Eye For Film >> Movies >> Dog Lady (2015) Film Review
Reviewed by: Jennie Kermode
There is barely a word spoken in this poetic Argentinian film, but from its opening shots, we are plunged into a landscape of sound. Birds twitter, the undergrowth rustles, trees sigh in the wind. Dogs pant, dogs everywhere, running, exploring, sniffing out prey. We are hunting. The woman with them has a sharp stick and a catapult. She stuffs their catches into a cloth bag. They will carry them home to eat.
Home is a shack among the trees, rebuilt season by season. There's a hammock outside where she lies sometimes, curled up with a dog or two. Somebody is always alert to tiny sounds, the way one learns to be when seeking prey, when seeking to void predators. Although she has friendships with humans, the woman's behaviour is almost completely animal. She doesn't speak, though she communicates affection easily. She is confident but wary. Greeted by a passing woman who seems familiar with her, she doesn't react at all; the woman seems unfazed. Spotting strangers or people who might mean trouble, she stands her ground, watching from a distance, until they make way for her. The dogs flow around her. She isn't seeking conflict but she asserts their right to pass through this territory.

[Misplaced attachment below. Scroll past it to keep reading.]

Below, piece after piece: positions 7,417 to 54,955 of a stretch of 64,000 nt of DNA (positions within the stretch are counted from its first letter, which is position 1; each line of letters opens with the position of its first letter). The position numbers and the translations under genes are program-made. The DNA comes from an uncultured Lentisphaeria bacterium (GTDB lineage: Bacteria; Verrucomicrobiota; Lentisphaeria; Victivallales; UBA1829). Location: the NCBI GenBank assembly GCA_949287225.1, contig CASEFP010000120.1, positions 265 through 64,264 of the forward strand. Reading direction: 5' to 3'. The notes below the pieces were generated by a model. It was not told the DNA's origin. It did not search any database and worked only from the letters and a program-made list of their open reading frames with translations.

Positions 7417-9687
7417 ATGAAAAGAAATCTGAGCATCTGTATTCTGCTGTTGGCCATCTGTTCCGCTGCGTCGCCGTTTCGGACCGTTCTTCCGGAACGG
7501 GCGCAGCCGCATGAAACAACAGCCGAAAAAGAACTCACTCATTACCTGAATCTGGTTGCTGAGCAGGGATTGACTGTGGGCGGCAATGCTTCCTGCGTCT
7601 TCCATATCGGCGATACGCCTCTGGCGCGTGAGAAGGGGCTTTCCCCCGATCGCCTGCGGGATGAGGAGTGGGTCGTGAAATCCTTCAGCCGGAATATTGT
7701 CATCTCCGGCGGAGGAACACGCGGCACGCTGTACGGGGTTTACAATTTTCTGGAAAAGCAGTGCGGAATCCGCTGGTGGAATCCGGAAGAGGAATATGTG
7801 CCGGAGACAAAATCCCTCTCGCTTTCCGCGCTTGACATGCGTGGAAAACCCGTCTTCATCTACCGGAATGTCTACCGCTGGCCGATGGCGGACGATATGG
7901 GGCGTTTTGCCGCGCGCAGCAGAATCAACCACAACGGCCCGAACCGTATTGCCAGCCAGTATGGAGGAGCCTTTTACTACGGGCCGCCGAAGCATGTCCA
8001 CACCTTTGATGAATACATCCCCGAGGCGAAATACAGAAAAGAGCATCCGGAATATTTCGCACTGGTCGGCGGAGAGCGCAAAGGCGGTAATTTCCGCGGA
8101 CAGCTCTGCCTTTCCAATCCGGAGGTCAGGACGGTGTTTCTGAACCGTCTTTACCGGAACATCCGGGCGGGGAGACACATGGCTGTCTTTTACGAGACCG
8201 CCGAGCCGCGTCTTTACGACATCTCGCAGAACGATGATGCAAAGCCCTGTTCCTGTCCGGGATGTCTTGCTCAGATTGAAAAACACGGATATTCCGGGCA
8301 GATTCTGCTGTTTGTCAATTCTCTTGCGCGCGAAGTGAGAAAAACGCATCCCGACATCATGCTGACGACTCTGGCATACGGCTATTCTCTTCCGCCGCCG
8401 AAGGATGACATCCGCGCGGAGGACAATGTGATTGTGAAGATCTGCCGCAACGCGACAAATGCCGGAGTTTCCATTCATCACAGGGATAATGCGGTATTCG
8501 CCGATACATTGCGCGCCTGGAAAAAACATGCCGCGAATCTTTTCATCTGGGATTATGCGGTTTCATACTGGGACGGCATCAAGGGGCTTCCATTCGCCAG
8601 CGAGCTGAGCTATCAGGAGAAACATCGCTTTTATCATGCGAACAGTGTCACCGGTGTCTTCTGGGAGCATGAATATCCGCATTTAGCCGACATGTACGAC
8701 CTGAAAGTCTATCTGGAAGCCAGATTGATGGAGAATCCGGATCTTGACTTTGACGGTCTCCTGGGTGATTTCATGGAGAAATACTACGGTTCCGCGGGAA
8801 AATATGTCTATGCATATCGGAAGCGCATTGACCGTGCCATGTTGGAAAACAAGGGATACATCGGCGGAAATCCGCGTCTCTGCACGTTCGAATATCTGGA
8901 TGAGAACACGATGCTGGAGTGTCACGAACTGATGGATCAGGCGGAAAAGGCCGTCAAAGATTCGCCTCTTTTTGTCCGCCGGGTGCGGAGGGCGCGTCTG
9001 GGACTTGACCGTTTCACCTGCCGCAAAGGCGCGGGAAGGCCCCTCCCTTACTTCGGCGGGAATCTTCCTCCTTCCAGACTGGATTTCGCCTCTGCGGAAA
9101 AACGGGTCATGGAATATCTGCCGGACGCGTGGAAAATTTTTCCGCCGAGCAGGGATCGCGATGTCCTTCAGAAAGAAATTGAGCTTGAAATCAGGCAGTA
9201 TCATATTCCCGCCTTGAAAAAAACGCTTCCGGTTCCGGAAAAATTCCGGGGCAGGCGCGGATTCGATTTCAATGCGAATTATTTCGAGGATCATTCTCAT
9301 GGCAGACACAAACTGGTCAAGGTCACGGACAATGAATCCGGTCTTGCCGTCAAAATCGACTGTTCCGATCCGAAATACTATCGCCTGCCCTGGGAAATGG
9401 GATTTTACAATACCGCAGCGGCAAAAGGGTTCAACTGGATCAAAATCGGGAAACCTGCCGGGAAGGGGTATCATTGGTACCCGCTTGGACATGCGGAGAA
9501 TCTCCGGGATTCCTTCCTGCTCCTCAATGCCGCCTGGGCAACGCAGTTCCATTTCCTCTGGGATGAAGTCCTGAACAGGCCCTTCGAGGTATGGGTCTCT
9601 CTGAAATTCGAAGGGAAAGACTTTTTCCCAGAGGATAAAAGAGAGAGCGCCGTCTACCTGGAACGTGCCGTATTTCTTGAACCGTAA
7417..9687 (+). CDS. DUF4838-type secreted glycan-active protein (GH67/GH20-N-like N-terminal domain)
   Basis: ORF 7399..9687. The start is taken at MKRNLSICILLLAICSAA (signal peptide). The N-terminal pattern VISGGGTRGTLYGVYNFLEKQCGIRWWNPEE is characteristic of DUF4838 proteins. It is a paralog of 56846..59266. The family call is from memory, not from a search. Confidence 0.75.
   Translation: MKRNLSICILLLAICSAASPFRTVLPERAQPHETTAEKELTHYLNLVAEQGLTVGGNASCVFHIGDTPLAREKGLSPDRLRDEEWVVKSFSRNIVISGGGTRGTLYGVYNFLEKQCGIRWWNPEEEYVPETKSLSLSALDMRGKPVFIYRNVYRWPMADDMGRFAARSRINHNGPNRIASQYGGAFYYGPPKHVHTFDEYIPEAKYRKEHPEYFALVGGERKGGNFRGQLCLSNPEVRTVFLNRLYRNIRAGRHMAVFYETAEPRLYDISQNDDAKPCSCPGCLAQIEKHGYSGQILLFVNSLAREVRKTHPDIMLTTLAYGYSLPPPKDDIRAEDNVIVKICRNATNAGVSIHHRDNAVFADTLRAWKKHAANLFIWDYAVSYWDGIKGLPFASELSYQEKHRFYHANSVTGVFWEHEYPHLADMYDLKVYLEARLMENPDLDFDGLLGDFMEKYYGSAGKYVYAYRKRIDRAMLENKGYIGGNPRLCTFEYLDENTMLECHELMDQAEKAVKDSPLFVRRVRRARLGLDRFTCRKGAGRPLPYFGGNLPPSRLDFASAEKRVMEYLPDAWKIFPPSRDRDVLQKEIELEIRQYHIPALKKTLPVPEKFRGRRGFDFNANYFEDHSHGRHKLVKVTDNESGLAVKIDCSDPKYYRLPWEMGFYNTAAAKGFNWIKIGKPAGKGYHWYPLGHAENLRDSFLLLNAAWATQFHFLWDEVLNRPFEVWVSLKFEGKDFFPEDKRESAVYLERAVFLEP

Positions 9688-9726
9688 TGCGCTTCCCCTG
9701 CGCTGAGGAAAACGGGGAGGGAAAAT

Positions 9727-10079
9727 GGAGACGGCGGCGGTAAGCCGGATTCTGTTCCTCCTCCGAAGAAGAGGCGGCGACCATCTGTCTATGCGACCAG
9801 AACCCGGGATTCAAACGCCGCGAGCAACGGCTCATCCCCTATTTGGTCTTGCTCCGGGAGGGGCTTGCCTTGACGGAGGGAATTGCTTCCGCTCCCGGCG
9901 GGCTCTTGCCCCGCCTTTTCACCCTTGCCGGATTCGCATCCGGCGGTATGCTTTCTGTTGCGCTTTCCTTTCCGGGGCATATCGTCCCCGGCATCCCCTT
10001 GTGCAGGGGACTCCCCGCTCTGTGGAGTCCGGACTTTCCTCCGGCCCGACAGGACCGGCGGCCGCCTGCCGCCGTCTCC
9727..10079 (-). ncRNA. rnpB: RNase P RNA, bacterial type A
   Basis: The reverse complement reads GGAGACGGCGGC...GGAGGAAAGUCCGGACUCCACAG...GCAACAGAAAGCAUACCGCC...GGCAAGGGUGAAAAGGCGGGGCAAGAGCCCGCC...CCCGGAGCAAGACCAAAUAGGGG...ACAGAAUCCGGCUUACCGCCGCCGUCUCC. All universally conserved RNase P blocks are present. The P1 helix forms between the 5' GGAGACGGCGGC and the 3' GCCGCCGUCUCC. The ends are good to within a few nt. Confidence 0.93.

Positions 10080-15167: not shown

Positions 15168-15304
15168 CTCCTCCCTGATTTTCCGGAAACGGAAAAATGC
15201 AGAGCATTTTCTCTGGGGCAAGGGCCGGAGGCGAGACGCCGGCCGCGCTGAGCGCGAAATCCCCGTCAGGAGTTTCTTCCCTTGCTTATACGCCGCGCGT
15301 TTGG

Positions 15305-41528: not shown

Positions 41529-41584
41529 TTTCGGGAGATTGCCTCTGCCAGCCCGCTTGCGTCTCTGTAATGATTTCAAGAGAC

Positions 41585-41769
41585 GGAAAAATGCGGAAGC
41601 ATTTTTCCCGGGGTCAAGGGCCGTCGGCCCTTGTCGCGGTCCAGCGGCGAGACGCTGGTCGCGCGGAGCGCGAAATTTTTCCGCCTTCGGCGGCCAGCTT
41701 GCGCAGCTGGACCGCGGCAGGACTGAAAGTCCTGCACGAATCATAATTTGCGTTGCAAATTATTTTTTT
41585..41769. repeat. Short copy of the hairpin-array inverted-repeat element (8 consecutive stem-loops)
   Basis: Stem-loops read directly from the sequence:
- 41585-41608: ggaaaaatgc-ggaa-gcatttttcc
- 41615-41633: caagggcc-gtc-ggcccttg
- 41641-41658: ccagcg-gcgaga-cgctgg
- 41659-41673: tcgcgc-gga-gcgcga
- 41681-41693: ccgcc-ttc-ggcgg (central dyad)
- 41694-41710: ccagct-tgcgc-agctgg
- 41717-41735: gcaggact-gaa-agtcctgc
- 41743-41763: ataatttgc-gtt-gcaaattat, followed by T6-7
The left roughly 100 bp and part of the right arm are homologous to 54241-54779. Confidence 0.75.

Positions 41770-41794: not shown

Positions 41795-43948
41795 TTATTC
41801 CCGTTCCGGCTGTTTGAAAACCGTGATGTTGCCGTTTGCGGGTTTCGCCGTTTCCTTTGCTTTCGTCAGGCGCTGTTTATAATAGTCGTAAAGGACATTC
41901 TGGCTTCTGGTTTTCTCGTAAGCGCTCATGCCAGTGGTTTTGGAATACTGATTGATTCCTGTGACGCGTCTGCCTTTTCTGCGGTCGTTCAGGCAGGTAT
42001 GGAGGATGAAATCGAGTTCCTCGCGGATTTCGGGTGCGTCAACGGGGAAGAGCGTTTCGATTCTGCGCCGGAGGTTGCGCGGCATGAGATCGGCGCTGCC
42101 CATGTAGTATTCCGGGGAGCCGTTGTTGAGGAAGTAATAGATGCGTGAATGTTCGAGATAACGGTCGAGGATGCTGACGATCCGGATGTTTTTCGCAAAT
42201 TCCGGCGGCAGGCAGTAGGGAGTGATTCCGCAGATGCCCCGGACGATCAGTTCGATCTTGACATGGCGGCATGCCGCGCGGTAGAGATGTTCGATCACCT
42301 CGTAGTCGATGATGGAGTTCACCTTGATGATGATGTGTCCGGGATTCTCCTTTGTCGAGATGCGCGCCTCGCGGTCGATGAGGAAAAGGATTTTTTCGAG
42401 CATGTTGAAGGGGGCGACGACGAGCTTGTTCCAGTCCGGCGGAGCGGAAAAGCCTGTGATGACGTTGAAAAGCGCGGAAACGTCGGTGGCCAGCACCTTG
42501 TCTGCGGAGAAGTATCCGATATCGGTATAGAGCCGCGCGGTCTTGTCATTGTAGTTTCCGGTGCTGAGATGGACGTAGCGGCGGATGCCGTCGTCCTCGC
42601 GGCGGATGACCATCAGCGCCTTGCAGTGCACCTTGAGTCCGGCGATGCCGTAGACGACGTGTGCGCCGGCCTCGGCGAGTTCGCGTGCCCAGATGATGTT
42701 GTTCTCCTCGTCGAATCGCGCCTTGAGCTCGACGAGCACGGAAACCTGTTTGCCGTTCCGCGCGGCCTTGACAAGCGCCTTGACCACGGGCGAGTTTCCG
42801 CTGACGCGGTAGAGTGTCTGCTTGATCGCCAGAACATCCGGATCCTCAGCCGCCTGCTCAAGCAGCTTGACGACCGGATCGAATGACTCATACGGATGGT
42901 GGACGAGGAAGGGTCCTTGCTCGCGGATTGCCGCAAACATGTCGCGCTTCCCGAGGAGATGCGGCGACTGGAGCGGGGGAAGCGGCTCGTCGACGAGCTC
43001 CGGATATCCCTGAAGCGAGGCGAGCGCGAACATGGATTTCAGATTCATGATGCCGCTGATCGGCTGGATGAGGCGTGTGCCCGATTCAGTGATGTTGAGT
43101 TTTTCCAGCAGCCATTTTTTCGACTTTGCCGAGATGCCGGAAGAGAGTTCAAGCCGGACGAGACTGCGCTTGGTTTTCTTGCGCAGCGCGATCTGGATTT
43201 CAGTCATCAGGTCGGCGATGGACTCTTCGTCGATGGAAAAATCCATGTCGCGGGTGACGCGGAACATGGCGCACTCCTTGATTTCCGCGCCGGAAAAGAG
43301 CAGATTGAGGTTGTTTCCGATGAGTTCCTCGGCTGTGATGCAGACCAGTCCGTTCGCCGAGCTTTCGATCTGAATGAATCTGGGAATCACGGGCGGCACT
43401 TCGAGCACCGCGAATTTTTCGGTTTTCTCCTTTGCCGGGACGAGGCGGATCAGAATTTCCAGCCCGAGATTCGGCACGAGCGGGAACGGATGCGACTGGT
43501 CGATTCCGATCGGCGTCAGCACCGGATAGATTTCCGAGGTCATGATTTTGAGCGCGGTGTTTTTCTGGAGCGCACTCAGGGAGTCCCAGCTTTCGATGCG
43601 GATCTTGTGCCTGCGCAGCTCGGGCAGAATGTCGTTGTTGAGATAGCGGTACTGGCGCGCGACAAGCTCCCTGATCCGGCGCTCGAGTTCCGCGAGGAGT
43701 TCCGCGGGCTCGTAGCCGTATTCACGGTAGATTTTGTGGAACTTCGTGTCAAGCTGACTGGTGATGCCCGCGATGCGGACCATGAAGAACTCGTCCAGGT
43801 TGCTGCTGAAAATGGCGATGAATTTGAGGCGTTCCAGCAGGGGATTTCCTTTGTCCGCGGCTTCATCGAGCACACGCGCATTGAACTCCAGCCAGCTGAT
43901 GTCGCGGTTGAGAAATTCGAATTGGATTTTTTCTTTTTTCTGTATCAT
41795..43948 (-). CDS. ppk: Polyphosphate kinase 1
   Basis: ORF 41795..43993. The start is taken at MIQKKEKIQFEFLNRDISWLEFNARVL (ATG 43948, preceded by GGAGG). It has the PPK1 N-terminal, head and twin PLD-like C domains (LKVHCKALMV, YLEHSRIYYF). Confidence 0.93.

Centering on a beautifully observed performance by co-director Verónica Llinás, this is a film that treats its outsider heroine with dignity and reminds the viewer what it really takes to survive in this way. There are no Badlands-style fantasy treehouses emerging overnight, no guns and posturing. There are plastic bottles collected from rubbish tips and hammered flat to create a rainproof screen; water collected in pots and pans and stored in an old oil drum; endless small tokens of our heroine's skill and ingenuity. She knows exactly where to go to find the things she needs, and the dogs' behaviour tell us that they do, too - and that these are scenes which have had many rehearsals.
Dog Lady follows this woman through four seasons in what might - a visit to the city hospital suggests - be her last year. Ostensibly simple and beautifully filmed, it always has something going on, showing us the richness of her life and how full it is, even far from civilisation. Her body is ageing but strong, her muscles toned, her senses keen; the film plunges us into the same sensory space. It's beguiling and immersive, an invitation to set aside your day to day concerns and join the pack, to focus on being alive.Reviewed on: 30 Jan 2016